Human HeLa and A549 cells were purchased from the American Type Culture Collection (ATCC) and grown in RPMI-1640 medium supplemented with 10% fetal bovine serum (FBS, Thermo Fisher Scientific Inc., Waltham, MA USA). The stably transfected GFP-LC3B HeLa cell line was obtained as a gift from Yingyu Chen (Peking University, Beijing, China). Lentivirus-mediated shRNA knockdown of CMTM7 in A549 cells was done as described previously . The cells were transfected with plasmids or small interfering RNAs (siRNAs) by using Lipofectamine 2000 reagent (Invitrogen, Grand Island, NY, USA). Constitutively active Rab5 and dominant-negative Rab5 plasmids were kindly provided by Yingyu Chen (Peking University, Beijing, China). Based on the pcDNA.3.1/myc-His(-)B (Invitrogen, V85520) plasmid, pcDB-CMTM7 plasmid and pcDB-CMTM7-myc-His plasmid were constructed, and abbreviated them as CMTM7 and CMTM7-myc, respectively. Along with these, mCherry-ATG5, mCherry-WIPI-1 GFP-RHEBD60K and GFP-CMTM7 plasmids were also constructed in our laboratory. All plasmids were confirmed by DNA sequencing. siRNAs targeting Rab5 and VPS34 were designed and synthesized by GenePharma Co., Ltd. (Suzhou, China). The siRNA sequences were as follows: si-VPS34: 5′-GUGUGAUGAUAAGGAAUAUTT-3′, and negative control (si-NC): 5′-UUCUCCGAACGUGUCACGUTT-3′. Inhibition of autophagy was achieved by treating cells with 10 mM of 3-methyladenine (3-MA, Sigma-Aldrich, St. Louis, MO, USA) or 25 mM of chloroquine (CQ, Sigma-Aldrich, St. Louis, MO, USA). Other reagents used in this study were as follows: DAPI (Cell Signaling Technology, Inc., Beverly, MA, USA), Rapamycin (Selleckchem), and DMSO (Sigma-Aldrich, St. Louis, MO, USA).
Co-immunoprecipitation and Western blot analysis
Co-immunoprecipitation assays were performed with control and CMTM7-myc-overexpressing HeLa cells. Cells were harvested after transfection for 36 h in a buffer containing 20 mM Tris–HCl, at pH 8.0, 150 mM NaCl, 2 mM EDTA, 10% glycerol, 0.5% Nonidet P-40, 1 mM dithiothreitol, 1 mM phenylmethylsulfonyl fluoride, 5 μg/ml leupeptin, 5 μg/ml aprotinin, 5 μg/ml pepstatin, and 1% protease inhibitor cocktail (Roche, Basel, Switzerland). Protein concentrations were determined by using BCA protein assays (Pierce, Rockford, IL, USA). Whole-cell lysates (1000 μg) were incubated with the indicated antibodies for 12 h at 4 °C and further incubated for another 2 h after adding pre-equilibrated protein-G Sepharose beads (GE, New York City, NY, USA). The sepharose beads were then washed thrice with the same buffer at 4 °C. The beads were collected by centrifugation, and then resuspended in 2 × SDS loading buffer and heated to 100 °C for 5 min. The whole-cell lysates were then fractionated using 10% or 15% SDS–PAGE gels and then electrotransferred onto polyvinylidene difluoride membranes (GE, New York City, NY, USA). Western blotting was performed according to the standard protocol as previously described , and the following antibodies were used: anti-Rab5 (Santa Cruz Biotechnology, Santa Cruz, CA, USA), anti-Beclin1, anti-VPS34, anti-ULK1, anti-ATG14L, anti-UVRAG, anti-myc, anti-GFP, anti-ATG5, anti-RPS6KB1, anti-phospho-RPS6KB1Thr389, anti-ATG12, anti-4E-BP1, anti-phospho-4E-BP1Thr37/46, anti-AMPKα, anti-phospho-AMPKαThr172, anti-mTOR, anti-phospho-mTORSer2448, anti-ERK, anti-phospho-ERKThr202/Tyr204 (all from Cell Signaling Technology, Inc., Beverly, MA, USA), anti-LC3B, anti-β-actin (Sigma-Aldrich, St. Louis, MO, USA), and anti-CMTM7 rabbit polyclonal antibody (Abcam, Cambridge, MA, USA). The protein bands were visualized by using a DyLight800-conjugated secondary antibody, and the signals were detected by an Odyssey Infrared Imager (LICOR Bioscience, Lincoln, NE, USA).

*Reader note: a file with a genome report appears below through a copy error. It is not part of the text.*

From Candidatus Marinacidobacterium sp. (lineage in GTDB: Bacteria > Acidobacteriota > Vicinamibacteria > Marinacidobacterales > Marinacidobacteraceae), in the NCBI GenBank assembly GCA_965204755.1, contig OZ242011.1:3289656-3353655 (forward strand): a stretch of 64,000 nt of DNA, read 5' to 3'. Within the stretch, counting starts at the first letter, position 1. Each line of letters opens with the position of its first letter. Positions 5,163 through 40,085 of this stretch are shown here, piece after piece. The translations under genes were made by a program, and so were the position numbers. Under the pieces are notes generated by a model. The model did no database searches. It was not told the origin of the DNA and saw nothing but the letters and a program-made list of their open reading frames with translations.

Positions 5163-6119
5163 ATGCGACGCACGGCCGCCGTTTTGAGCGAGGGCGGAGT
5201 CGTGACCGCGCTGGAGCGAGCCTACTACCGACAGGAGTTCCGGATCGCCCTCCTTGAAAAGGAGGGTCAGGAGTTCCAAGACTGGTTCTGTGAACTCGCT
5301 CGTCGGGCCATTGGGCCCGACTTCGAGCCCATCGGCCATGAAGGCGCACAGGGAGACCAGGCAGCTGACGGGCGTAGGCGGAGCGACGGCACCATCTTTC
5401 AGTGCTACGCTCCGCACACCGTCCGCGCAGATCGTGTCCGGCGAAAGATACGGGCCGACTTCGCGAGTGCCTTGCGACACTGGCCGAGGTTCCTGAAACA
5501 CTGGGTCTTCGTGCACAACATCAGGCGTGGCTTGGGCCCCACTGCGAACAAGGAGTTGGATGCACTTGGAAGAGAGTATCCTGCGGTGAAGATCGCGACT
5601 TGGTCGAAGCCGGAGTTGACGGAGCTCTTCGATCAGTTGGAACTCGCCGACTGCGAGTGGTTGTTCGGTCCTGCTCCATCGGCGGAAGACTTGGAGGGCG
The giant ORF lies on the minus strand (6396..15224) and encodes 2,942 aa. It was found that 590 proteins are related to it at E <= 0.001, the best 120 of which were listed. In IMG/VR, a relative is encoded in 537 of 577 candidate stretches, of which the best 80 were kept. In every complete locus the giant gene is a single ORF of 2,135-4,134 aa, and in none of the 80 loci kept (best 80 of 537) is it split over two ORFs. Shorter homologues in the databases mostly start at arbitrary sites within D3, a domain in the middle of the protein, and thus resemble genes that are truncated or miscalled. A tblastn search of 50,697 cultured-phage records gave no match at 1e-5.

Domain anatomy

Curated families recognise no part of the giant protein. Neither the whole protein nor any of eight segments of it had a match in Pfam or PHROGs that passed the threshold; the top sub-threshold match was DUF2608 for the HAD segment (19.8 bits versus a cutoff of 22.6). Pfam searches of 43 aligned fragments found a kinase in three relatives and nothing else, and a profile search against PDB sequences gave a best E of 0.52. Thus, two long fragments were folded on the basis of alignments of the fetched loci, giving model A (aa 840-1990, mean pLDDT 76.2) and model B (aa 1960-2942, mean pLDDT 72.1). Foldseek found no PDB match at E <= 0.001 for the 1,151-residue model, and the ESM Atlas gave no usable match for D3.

Cells were incubated with 50 nM LysoTracker Red (Invitrogen, Grand Island, NY, USA) for 20 min at 37 °C, washed with PBS, fixed and permeabilized with 3% paraformaldehyde containing 0.1% Triton X-100 for 30 min at 4 °C. They were then washed with PBS and stained with 4′,6-diamidino-2-phenylindole (DAPI, 3 mg/ml) (Sigma-Aldrich, St. Louis, MO, USA) for 10 min before being imaged with a TCS-SP laser-scanning confocal microscope (Leica Microsystems, Mannheim, Germany). The number of GFP-LC3B puncta per 20 cells was assessed, and statistical data were obtained from 3 independent experiments.
Xenograft nude mice model
All protocols regarding animals were reviewed and approved by the institutional Animal Research Ethics Board of Jilin University. Female BALB/c nude mice (6 weeks old, weighing 20 g) were maintained in a germ-free environment in the animal facility. The tumorigenesis assay was performed as previously described . Briefly, CMTM7 knockdown or control A549 cells were trypsinized and suspended in PBS for subcutaneous injection. A total of 1 × 106 cells in 100 μL PBS were injected subcutaneously into the right axilla of nude mice (four mice per group). Tumor diameters were measured with a caliper every 3 days, and tumor volumes were calculated according to length × width2 × 0.5. The mice were sacrificed after 4 weeks, when their tumors were dissected, weighed and fixed for immunohistochemistry and transmission electron microscopy analysis.
Immunohistochemical analysis was performed on formalin-fixed, paraffin-embedded tumor tissues as previously described . Briefly, tissue sections were dewaxed, rehydrated and placed in 10 mmol/L citrate buffer (pH 6.0) before being heated in a microwave oven for 10 min twice. Sections were incubated with 3% H2O2 for 10 min, washed with PBS, blocked with 10% normal goat serum for 30 min, and then incubated with anti-Ki67 (1:800) (Cell Signaling Technology, Inc., Beverly, MA, USA) at 4 °C overnight. After being washed, the sections were stained with reagents of the Catalyzed Signal Amplification System Kit (Dako, Glostrup, Denmark). Photos were acquired with a Nikon E800 camera.
Transmission electron microscopy